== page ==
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Doreen Gacheri: The Entrepreneur Making A Fortune In The Meat Export Business, Slaughters Upto 1000 Animals Per Day 

The meat export business in Kenya has its fair share of challenges as it is rewarding. Kenya exports over Sh4 billion meat to Gulf countries with traders like Ms Doreen Gacheri benefiting from this market.

The public relations professional got into the export business in 2014. In 2019, she started exporting lamb and goat meat to Qatar, Saudi Arabia, United Arab Emirates, Kuwait and Bahrain. 

Here is her entrepreneurial journey as told by WoK

Export to Seychelles

After completing school, she worked with her father. Thereafter, she got married and moved to Seychelles. The country depends on a lot of exports and there was also a huge Kenyan community living there. Thus, she got started in the business of exporting cooking oil, maize flour and onions to Seychelles.

In 2018, Ms Gacheri moved back to Kenya and at the time had gathered a lot of experience in the exporting world. The entrepreneur reached out to a friend who had avocados which she started to export  to Seychelles. The returns were not as good as she had anticipated. 

Exporting fruits to the Gulf countries 

The ever enterprising woman set her eyes on Gulf countries. She began exporting avocados and mangoes but the requirements and prohibitions proved too restrictive.

She needed a phytosanitary certificate from Kenya Plant Health Inspectorate Service, Horticultural Crops Directorate and Global GAP for Approval of soils, water and manure testing. 

Meat Export 

Due to all these requirements, she went for a product which would be much easier and meat became her choice export product.

The founder of Moissanite has been exporting lamb and goat meat to Saudi Arabia, Bahrain, Qatar, Kuwait, and United Arab Emirates since 2019. 

Process and Certificates 

First, she had to source for quality animals, which she gets from different regions. For the black head Persian breed, she relies on Moyale and Marsabit, Kajiado and Basil for Dorper, and she gets Merino from Molo and Nanyuki.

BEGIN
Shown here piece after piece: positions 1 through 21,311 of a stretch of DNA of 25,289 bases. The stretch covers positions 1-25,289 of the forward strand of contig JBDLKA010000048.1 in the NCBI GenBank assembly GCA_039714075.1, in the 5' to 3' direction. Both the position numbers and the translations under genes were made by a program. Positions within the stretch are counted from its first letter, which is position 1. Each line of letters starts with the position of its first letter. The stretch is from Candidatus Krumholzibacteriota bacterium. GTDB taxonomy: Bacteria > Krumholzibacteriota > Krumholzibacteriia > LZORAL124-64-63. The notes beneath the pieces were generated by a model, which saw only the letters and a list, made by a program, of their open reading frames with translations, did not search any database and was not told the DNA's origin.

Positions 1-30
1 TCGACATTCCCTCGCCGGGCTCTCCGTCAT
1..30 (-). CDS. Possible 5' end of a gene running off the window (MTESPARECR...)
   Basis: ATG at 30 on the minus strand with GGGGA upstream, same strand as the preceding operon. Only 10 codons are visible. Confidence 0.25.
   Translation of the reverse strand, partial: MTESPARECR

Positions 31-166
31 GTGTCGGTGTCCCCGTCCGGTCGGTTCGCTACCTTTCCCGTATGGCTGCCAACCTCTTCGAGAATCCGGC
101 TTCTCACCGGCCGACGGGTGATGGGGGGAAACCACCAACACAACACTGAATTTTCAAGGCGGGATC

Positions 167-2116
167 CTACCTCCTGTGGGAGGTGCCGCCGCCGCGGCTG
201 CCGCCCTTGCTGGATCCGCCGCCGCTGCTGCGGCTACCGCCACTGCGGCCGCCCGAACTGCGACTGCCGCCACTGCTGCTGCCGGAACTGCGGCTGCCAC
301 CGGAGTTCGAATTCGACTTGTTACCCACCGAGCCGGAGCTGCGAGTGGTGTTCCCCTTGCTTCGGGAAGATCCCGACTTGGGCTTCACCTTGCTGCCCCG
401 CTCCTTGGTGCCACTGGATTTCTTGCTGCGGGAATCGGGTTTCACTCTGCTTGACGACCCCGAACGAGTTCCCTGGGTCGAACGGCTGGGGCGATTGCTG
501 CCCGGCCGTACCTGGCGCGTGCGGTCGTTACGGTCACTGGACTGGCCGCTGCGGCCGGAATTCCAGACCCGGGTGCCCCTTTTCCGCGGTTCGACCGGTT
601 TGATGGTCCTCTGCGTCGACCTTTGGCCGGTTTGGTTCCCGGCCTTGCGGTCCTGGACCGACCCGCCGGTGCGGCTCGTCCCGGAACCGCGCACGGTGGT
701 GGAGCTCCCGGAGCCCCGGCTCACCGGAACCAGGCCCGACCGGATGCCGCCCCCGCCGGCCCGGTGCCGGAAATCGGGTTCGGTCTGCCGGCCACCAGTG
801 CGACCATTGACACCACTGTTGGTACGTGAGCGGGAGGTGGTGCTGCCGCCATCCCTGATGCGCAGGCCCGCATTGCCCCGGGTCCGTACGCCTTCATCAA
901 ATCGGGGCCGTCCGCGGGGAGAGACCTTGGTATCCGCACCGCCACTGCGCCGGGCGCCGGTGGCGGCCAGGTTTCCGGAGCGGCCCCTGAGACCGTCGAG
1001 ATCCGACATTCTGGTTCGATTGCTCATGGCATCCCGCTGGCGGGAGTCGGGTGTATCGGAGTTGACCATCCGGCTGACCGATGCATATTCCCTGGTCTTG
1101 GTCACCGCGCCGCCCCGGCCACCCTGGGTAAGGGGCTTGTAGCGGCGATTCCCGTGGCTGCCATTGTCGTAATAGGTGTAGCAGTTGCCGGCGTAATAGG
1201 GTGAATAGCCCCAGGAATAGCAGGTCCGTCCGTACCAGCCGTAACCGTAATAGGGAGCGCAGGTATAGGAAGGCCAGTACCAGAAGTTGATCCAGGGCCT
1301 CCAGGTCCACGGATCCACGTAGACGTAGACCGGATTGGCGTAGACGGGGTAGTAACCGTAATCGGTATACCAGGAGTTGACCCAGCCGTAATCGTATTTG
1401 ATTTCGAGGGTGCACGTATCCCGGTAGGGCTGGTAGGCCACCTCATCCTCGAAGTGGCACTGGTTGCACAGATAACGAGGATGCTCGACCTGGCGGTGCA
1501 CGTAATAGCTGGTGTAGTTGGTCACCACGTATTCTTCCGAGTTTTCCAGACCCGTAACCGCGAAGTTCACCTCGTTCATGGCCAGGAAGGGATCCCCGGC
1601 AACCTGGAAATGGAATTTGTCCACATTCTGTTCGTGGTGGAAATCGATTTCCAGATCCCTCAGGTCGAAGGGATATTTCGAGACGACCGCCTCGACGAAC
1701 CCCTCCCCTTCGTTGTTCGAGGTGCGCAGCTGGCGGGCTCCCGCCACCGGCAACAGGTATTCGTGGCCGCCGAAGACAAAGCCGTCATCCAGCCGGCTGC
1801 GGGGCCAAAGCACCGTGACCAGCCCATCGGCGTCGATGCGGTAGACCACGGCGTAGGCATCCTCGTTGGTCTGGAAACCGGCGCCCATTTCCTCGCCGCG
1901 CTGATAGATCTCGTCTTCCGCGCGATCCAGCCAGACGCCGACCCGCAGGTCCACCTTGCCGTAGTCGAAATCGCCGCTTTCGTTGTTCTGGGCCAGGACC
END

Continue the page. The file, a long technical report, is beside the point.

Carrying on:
“You could either go to the farmers and buy from them or get suppliers to bring the animals to the slaughterhouse. I choose the type of animals and quality then pay them. Relying on the suppliers is easier because we do quantities. Also going to most of these areas would need us to understand the local language,” she told Business Daily Africa. When demand is too high, she is at times forced to go to the farmers. 

After the animals are sourced, she has to ensure that they are slaughtered in the right manner. As most of her export market is Islam, the meat has to come from a halal slaughterhouse. 

After slaughtering, the animals are stored in the chiller in the abattoir. It is maintained completely dry then exported after 24 hours. The amount the abattoir charges are inclusive of slaughtering, chilling, packaging and transporting to the airport. 

Before exporting, one has to really be specific on quality, kilograms and gender which must be male animals. On a very busy day, Doreen Gacheri can slaughter up to 1000 animals. 

Some of the documents required during the export include:

  • A halal Certificate to show Islamic law practices have been practiced
  • A veterinary certificate to show condition of the meat including free from influenza, Rift Valley Fever, anthrax and chemical components.
  • Certificate of origin from the Kenya Revenue Authority and Kenya National Chamber of Commerce 

Kuwait, Bahrain and Qatar had banned Kenyan meat and meat products in August 2021 after reports of the outbreak of Rift Valley Fever in some parts of Kiambu. Kuwait and Bahrain lifted the ban in October the same year. 

Future Plans and Challenges 

For her future plans, Doreen Gacheri hopes to open her own slaughterhouse. She also wishes to venture to the Iraqi and Jordanian markets.

The business comes with its own share of challenges. Some of the problems she faces include: fluctuations in freight rates, fewer flights forcing them to depend on one airline,  and delays in offloading. They also risk the loss of cargo at the export destination.

When a cargo gets lost, it means that one will not be paid for it. This forces many in the export business to adopt free on board contracts or employ locals in those countries.

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